Syncora should keep their hands off the DIA collection

Syncora should keep their hands off the DIA collection

Posted: Updated:

Opinion by Mike Renda
General manager, WJBK FOX 2

(WJBK) The announcement that the city of Detroit had reached a five year agreement with the majority of the unions in it’s bankruptcy case was certainly a major and positive step forward in the ultimate plan to restructure the city.
 
Another important step was Emergency Manager Kevyn Orr traveling to Lansing last week to lobby state lawmakers to approve the multi-million dollar state contribution to the so-called “Grand Plan.” While this won’t be an easy sell, Gov. Snyder has made it clear to the legislature that the state must ante up to help Detroit emerge from bankruptcy with a plan that can succeed for the ultimate good of the state.
 
But a potential roadblock is the involvement of Syncora, the bond insuring company who underwrote a reported 250 million dollars of the ill-fated billion dollar pension debt deal that Kwame Kilpatrick put together in 2005.
 
Syncora is raising a stink about the Attorney General and the Detroit Institute of Arts position that it, the DIA, is protected from liquidation in bankruptcy. Syncora claims those assets need to be sold to satisfy the remaining creditors.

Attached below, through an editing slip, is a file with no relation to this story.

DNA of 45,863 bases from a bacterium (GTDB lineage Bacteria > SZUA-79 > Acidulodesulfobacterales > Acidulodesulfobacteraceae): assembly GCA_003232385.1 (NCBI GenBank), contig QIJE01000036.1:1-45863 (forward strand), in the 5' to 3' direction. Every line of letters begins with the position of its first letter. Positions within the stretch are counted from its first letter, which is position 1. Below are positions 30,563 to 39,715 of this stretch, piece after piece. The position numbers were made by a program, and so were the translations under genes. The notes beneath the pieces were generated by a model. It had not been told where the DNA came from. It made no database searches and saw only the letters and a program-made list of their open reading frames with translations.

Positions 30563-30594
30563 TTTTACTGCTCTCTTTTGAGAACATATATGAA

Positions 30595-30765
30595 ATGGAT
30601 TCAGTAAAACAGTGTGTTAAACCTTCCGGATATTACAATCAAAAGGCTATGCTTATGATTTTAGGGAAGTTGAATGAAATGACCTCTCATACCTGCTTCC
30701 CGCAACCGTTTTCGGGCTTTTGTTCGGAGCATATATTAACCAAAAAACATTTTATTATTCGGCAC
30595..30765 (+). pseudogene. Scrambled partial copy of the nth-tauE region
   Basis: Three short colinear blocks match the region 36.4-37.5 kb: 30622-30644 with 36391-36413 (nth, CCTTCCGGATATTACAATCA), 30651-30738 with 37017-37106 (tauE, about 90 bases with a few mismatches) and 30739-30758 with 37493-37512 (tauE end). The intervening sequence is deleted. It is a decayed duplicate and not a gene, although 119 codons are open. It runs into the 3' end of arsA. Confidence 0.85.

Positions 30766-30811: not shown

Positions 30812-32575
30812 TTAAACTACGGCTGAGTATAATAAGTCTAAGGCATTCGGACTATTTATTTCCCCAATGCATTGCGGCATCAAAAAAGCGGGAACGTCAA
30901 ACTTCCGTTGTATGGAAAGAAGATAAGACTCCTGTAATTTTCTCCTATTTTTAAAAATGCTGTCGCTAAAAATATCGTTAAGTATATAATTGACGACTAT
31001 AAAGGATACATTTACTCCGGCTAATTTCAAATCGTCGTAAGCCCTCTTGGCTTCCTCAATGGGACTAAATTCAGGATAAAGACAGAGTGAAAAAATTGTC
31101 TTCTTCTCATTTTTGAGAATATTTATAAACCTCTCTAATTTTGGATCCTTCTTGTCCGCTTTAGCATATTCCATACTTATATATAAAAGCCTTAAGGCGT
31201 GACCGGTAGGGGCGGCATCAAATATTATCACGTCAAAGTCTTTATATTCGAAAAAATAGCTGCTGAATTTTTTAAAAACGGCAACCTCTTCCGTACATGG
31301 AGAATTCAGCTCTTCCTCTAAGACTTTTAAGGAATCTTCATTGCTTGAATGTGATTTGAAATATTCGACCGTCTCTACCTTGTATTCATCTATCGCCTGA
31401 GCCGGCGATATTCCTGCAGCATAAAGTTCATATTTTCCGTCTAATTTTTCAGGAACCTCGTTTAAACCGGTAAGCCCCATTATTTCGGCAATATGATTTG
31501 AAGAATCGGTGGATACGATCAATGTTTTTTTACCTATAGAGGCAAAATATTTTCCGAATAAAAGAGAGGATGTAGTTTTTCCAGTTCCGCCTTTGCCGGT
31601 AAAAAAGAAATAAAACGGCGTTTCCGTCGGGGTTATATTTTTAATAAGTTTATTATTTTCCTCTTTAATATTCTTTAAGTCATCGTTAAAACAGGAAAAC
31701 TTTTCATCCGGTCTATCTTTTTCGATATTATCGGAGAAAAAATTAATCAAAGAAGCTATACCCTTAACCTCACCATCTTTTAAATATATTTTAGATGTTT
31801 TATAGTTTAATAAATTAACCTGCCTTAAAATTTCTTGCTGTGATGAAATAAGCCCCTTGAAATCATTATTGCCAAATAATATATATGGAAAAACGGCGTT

The problem is that as part of the “Grand Plan” for Detroit to emerge from bankruptcy, the foundations representing the DIA contributed over 300 million dollars to help ease the huge hit the Detroit pensioners were going to take.
 
In turn, the DIA assets would not be sold and would establish a separate foundation safe from future city oversight. The city believes this DIA settlement was the best and most practical to get value from its interests in the art while keeping the DIA whole and functioning as a major asset for Detroit far into the future.
 
Syncora just wants its money and could care less about Detroit’s plan.
 
They need to heed the suggestions of U.S. Bankruptcy Judge Stephen Rhodes who has made it clear that he expects the remaining creditors to work out a resolution plan with the city and avoid asset sales.
 
Those sales would lessen the potential for Detroit to realize its full revitalization.

Detroit has now reached deals with many of it’s creditors including pension funds, banks and general bondholders and is on the cusp of finalizing their “Grand Plan” of reorganization.

Syncora needs to get to the table and hammer out a deal with the city and Keep their Hands OFF the Art!!
 
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